Minnesota Parents, Educators Stress Need to Maintain Personal Connection with Students While Online Learning

Tawnya Heino held up her son, Michael Zakrajshek's, phone so he could have a Zoom call with his teacher at the end of their driveway in Chisholm, Minn. They have to connect multiple times a day.

Nearly 3 in 4 parents whose children had daily live conferencing rated their experience with distance learning as a 4 or a 5 on a 1-to-5 scale, according to the survey that ran in April which drew more than 500 responses. Overall, the survey results also revealed mixed feelings about the state’s move to remote learning — a shift that was extended through at least the remainder of the current school year.

Only one-quarter of parents, for example, reported that video conferencing was occurring on a daily basis.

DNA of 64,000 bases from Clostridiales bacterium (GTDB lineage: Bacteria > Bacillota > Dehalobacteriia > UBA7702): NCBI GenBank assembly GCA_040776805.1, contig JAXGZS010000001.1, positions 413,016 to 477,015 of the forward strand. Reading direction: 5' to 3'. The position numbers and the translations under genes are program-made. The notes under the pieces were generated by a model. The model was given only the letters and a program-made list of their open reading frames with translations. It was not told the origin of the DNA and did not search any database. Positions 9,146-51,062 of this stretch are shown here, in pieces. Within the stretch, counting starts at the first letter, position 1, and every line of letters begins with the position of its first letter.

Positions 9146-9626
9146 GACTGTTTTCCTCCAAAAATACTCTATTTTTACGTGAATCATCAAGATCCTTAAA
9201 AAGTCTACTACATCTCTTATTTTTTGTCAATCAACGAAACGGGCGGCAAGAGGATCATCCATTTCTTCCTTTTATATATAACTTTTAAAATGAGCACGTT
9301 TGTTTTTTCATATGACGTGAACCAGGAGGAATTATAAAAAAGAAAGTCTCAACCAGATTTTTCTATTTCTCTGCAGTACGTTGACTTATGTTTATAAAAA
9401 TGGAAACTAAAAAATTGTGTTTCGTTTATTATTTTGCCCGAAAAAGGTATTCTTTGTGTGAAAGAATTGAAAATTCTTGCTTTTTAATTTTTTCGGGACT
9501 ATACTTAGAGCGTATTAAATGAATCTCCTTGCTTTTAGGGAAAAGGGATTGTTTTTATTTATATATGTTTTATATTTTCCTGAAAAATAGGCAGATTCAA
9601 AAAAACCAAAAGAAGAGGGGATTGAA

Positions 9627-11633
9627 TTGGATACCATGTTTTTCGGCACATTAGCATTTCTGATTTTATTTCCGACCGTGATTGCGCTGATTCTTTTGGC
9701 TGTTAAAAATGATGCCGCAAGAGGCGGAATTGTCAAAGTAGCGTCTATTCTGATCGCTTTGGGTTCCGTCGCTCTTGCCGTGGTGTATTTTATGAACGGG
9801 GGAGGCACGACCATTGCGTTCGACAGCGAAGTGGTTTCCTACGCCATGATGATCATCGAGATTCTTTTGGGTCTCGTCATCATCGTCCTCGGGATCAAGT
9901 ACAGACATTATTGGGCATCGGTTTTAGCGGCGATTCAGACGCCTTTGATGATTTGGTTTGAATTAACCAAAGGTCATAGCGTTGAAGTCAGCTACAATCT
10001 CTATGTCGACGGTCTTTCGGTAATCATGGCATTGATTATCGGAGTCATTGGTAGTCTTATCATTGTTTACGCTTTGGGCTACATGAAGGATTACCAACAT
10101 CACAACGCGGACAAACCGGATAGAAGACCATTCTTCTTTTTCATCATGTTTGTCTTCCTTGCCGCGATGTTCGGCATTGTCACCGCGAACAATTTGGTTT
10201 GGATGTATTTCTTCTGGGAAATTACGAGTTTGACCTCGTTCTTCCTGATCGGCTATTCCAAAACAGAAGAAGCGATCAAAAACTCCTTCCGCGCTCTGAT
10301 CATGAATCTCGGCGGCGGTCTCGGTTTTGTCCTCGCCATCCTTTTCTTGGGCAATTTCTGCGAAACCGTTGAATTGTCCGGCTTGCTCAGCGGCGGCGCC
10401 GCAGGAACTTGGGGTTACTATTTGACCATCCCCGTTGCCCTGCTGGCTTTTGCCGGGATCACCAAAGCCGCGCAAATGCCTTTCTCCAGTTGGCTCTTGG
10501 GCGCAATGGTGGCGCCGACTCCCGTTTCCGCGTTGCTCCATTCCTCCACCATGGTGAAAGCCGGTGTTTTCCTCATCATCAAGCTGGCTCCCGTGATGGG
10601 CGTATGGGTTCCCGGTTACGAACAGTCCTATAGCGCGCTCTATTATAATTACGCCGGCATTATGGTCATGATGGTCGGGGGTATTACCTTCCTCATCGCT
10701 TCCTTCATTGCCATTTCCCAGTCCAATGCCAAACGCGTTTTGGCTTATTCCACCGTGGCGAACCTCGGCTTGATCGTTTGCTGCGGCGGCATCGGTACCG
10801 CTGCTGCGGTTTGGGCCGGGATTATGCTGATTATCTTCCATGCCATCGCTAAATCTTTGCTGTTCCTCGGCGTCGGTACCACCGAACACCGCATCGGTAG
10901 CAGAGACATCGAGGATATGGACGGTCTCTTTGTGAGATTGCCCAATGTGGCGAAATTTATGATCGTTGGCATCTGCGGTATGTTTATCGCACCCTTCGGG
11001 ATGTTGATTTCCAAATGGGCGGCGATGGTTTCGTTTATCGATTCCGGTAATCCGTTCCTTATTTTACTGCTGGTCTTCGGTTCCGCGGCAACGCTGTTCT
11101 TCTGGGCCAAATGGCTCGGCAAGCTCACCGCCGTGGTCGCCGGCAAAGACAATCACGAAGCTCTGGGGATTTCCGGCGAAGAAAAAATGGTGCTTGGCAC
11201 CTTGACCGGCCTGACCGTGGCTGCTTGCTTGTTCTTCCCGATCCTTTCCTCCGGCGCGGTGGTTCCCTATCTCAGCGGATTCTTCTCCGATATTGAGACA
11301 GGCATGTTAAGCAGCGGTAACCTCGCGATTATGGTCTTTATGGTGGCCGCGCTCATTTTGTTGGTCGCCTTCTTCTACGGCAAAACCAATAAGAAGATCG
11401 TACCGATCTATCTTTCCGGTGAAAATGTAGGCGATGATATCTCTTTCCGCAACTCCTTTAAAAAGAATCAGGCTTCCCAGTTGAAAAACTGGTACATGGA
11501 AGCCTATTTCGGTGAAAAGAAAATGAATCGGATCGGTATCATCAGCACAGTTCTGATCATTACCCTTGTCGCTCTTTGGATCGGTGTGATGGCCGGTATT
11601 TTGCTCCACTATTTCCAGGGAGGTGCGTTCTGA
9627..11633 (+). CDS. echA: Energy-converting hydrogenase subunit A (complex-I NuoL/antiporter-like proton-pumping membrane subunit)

In addition, while 60% of parents said they believed the amount of work was “about right,” and 60% said the work itself seemed “challenging enough,” just half thought that online learning was going well. Students in the lower elementary grades — kindergarten through second grade — who were thought to be thriving stood at 42%.

Consider, too: Only parents whose children shifted to online learning participated in the survey. Not every child has made the move.